Fort Selden was a United States Army post, occupying the area in what is now Radium Springs, New Mexico. Established in 1865 for the purpose of protecting westward settlers from Native American raids, the post fell into disrepair after the American Civil War. It was ultimately abandoned in 1888, due in large part to the decision to expand Fort Bliss and the lack of any expenditures for repair of the facility. In 1970 the fort was listed on the National Register of Historic Places and in 1974 the fort was declared a New Mexico state monument. It is overseen by the New Mexico State Monuments Division of the New Mexico Department of Cultural Affairs.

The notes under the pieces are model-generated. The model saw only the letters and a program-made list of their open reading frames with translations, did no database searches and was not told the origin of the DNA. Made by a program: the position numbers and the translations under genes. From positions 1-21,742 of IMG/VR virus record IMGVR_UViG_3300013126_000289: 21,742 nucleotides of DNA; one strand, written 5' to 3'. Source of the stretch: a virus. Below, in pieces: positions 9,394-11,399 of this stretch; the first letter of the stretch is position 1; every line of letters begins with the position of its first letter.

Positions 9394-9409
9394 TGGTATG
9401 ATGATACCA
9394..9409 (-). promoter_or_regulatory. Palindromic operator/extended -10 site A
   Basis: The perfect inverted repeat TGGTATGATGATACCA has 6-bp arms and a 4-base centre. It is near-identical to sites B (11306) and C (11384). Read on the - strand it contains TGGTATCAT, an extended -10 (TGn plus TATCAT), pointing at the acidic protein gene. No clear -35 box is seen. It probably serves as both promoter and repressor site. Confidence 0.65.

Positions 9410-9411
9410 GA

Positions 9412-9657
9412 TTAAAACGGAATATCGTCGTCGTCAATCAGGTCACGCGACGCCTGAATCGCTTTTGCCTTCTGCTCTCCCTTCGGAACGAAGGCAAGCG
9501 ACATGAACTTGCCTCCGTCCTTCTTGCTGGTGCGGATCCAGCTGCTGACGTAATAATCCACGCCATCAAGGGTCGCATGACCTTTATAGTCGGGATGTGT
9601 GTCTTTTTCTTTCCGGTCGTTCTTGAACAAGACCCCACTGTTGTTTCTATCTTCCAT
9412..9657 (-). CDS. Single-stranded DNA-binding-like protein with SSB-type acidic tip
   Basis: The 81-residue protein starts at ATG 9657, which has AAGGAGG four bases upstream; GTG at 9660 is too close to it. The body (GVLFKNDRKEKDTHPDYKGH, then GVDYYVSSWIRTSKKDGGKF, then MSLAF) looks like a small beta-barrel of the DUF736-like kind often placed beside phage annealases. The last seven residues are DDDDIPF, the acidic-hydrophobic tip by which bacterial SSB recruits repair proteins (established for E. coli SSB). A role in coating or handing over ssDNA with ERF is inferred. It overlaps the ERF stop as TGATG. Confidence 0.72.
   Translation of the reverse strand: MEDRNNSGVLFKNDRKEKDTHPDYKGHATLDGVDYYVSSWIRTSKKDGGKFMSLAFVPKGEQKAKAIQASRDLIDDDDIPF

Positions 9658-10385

Fort Selden was established in 1865 in an effort to bring peace to the south central region of present day New Mexico. Built on the banks of the Rio Grande, the adobe fort housed units of the U.S. Infantry and Cavalry. Their intent was to protect settlers and travelers in the Mesilla Valley from desperados and Apache Indians. Several of the units stationed at the fort were black troopers, referred to as Buffalo Soldiers. A young Douglas MacArthur called the fort home while his father was post commander in the late 1880s. By 1890, criminals and raiding parties were no longer considered a threat as hostilities eventually lessened and the fort was no longer needed. Like many small forts in the Southwest, the government decommissioned the fort and it was abandoned in 1891.
MacArthur family photo
archeological research diggingsgs
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